Beta-blocker Prescription Associated with Reduced Consultation for Knee OA

Sarfaroj Khan 

Disclosures

March 17, 2021

Takeaway

  • Beta-blocker prescription was associated with reduced primary care consultation for knee osteoarthritis (OA), knee pain and hip pain.

  • Atenolol could be considered for patients with OA and cardiovascular co-morbidities, while propranolol may be suitable for patients with OA and co-morbid anxiety.

Why this matters

  • Findings suggest that commonly used beta-blockers have analgesic properties for musculoskeletal pain.

  • A confirmatory randomised controlled trial is needed before clinical practice is changed.

Study design

  • This study included 223,436 participants (age, ≥40 years) from the UK Clinical Practice Research Datalink (CPRD; 1990-2017).

  • 111,718 beta-blockers–exposed participants were (1:1) propensity score matched to unexposed participants.

  • Main outcome: first primary care consultation for knee OA, hip OA, knee pain and hip pain.

  • Funding: National Institute for Health Research.

Key results

  • Beta-blocker prescription was associated with reduced cumulative risk of primary care consultations for (adjusted HR [aHR]; 95% CI):

    • knee OA (0.90; 0.83-0.98);

    • knee pain (0.88; 0.83-0.92); and

    • hip pain (0.85; 0.79-0.90).

  • Propranolol and atenolol were associated with a lower incidence of primary care consultations for (aHR; 95% CI):

    • knee OA (0.78; 0.63-0.97 and 0.91; 0.82-1.00, respectively); and

    • knee pain (0.78; 0.69-0.87 and 0.86; 0.81-0.91, respectively);

  • Beta-blockers were associated with reduced cumulative risk of primary care consultation for large-joint lower-limb OA and/or pain, defined as the earliest of knee OA, knee pain, hip OA or hip pain (aHR, 0.87; 95% CI, 0.84-0.90).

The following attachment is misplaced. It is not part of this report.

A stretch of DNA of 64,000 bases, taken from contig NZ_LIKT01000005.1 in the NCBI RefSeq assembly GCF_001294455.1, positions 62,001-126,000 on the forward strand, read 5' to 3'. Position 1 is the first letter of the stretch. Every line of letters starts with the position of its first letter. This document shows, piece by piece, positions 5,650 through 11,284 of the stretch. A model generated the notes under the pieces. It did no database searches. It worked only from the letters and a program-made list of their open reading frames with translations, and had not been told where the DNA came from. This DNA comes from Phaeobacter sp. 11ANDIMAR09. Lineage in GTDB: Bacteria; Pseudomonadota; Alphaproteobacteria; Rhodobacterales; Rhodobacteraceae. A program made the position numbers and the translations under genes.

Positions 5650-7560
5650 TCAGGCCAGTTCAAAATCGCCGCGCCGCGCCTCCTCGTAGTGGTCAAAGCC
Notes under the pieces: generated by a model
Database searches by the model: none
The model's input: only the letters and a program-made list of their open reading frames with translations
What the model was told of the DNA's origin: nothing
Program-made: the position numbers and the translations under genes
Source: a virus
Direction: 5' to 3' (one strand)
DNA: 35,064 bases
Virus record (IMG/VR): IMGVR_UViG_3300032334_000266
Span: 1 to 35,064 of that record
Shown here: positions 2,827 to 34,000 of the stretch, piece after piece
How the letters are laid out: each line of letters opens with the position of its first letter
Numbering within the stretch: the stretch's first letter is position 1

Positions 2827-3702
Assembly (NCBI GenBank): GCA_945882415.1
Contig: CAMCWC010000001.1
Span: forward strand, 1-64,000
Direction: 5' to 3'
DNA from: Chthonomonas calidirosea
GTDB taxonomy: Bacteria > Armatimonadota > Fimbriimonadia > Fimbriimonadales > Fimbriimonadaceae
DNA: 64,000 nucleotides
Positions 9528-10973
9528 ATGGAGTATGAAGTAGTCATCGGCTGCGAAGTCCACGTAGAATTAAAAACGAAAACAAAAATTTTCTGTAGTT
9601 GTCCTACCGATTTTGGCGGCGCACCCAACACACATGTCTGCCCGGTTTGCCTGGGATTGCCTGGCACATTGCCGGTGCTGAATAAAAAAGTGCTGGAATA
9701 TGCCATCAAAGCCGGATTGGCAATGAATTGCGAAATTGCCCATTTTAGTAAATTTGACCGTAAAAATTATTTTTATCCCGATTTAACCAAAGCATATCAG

Limitations

  • Researchers could not undertake multiple imputations to account for missing smoking status and body mass index data because these were missing in 50.5% and 60.3% of participants, respectively.

 

Nakafero G, Grainge MJ, Valdes AM, Townsend N, Mallen C, Zhang W, Doherty M, Mamas M, Abhishek A. β-blocker prescription is associated with lower cumulative risk of knee osteoarthritis and knee pain consultations in primary care: a propensity score matched cohort study. Rheumatology (Oxford). 2021 Mar 12 [Epub ahead of print]. doi: 10.1093/rheumatology/keab234. PMID: 33710319.  View abstract 

This clinical summary originally appeared on Univadis, part of the Medscape Professional Network.

Comments

3090D553-9492-4563-8681-AD288FA52ACE
Comments on Medscape are moderated and should be professional in tone and on topic. You must declare any conflicts of interest related to your comments and responses. Please see our Commenting Guide for further information. We reserve the right to remove posts at our sole discretion.
Post as:

processing....